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Yellen predicts moderate growth for U.S. economy

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Janet Yellen

WASHINGTON (July 16, 2014) — Despite continuing signs of uncertainty, economic activity in the U.S. should continue to grow moderately over the next several years, said Federal Reserve Chair Janet L. Yellen in congressional testimony.

Accommodative monetary policy, diminished drag from fiscal policy, higher home prices and stronger foreign growth should all contribute to a growing economy in the foreseeable future, Ms. Yellen told the Senate Banking, Housing and Urban Affairs Committee at a July 15 hearing.

At that hearing, Ms. Yellen also officially presented the Federal Reserve’s annual Monetary Policy Report to Congress.

“The (Federal Open Market) Committee sees the projected pace of economic growth as sufficient to support ongoing improvement in the labor market with further job gains, and the unemployment rate is anticipated to continue to decline toward its longer-run sustainable level,” she said.

Although the economy is improving steadily, the recovery is still incomplete, according to Ms. Yellen.

“Labor force participation appears weaker than one would expect, based on the aging of the population and the level of unemployment,” she said.

Also, the Gross Domestic Product declined sharply in the first quarter of 2014, according to Ms. Yellen, who noted that “the decline appears to have resulted mostly from transitory factors, and a number of recent indicators of production and spending suggest that growth rebounded in the second quarter, but this bears close watching.”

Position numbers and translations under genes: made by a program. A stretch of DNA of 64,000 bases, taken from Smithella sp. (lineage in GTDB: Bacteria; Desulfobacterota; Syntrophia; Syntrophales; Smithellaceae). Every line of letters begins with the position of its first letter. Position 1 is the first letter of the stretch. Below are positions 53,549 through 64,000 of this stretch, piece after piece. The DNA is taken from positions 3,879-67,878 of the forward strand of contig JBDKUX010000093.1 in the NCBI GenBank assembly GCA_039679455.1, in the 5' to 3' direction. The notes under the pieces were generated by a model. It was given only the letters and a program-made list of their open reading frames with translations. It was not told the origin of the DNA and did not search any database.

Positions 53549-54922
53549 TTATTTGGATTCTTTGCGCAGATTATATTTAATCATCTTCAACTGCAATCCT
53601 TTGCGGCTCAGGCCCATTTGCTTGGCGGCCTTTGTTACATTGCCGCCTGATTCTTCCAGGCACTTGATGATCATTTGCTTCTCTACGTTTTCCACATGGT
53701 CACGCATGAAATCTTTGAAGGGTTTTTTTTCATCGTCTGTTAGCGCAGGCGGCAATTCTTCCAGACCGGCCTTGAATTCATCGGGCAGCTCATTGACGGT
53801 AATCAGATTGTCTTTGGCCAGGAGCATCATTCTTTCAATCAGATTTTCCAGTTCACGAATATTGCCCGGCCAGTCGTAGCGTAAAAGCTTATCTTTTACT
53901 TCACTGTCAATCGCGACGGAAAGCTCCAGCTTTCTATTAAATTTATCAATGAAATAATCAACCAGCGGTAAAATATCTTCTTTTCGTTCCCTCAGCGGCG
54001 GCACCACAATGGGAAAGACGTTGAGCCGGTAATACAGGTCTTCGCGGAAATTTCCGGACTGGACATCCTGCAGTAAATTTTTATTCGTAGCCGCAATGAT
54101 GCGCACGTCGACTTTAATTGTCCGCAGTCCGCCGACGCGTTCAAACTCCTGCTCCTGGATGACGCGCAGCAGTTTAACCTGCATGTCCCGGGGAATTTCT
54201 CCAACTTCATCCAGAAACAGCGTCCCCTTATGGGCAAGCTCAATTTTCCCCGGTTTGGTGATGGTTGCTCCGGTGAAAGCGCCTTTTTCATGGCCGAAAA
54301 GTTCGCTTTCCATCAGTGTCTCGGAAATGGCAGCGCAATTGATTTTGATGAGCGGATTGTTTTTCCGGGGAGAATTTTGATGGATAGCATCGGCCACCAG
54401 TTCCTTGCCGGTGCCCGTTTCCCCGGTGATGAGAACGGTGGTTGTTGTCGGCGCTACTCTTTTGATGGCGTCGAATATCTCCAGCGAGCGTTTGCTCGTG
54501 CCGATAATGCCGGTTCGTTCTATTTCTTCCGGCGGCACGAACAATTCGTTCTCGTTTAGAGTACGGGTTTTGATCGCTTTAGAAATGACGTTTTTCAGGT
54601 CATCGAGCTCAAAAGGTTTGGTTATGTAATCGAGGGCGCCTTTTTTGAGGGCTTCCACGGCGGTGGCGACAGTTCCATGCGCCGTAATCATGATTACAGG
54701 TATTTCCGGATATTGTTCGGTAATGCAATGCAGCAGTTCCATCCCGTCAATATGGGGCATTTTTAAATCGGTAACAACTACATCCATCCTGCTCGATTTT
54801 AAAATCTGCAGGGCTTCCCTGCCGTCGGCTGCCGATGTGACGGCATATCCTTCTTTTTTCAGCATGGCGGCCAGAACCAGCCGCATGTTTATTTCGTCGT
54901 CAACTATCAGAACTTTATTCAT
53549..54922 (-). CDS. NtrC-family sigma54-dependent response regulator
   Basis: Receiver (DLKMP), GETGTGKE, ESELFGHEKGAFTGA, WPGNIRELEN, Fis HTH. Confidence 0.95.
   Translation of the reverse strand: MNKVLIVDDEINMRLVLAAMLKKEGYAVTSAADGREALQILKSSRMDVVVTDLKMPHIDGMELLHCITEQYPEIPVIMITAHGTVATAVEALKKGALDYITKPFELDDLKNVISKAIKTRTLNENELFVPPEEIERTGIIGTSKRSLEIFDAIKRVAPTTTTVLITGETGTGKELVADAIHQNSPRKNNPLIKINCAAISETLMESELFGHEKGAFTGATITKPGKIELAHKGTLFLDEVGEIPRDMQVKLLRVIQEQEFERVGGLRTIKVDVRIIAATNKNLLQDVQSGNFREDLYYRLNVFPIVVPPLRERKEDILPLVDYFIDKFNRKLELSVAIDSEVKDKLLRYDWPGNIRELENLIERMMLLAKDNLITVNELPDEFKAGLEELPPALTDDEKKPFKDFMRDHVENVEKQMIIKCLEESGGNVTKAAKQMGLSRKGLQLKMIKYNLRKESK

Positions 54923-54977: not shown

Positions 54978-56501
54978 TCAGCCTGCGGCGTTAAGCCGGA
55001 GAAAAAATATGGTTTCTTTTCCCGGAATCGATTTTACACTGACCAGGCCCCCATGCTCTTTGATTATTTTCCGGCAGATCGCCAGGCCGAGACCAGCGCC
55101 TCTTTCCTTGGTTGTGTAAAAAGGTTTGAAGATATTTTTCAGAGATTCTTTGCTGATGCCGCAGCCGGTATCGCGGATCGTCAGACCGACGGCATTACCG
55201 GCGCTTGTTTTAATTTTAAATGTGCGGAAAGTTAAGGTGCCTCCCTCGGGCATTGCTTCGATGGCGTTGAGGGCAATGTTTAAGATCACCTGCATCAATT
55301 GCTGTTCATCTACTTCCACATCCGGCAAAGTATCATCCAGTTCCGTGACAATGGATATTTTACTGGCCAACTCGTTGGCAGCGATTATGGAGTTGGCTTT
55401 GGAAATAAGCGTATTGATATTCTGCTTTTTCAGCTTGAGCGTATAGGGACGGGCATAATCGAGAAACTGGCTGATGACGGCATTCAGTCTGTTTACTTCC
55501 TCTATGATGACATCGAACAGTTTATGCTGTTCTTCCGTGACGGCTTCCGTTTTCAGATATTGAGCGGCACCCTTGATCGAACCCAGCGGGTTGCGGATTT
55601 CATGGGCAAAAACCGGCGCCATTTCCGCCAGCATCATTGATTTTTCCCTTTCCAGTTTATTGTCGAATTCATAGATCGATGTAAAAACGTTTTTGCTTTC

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TB Reader Poll

Previous | Published January 28, 2016

Titan International and the United Steelworkers union have petitioned the U.S. International Trade Commission and U.S. Department of Commerce seeking relief from OTR tire imports from China, India and Sri Lanka. What’s your opinion?

I wholeheartedly support their action – something needs to be done.
(36 votes)
I think it’s a bad idea that could inevitably tie the hands of domestic tire makers.
(10 votes)
I oppose any duties against tire importers—they only raise costs for distributors and make it harder to obtain inventory.
(19 votes)
I’m kind of on the fence and not sure what’s right, but need more information before deciding.
(11 votes)
I don’t really care whether or not relief is granted.
(2 votes)
Total votes: 78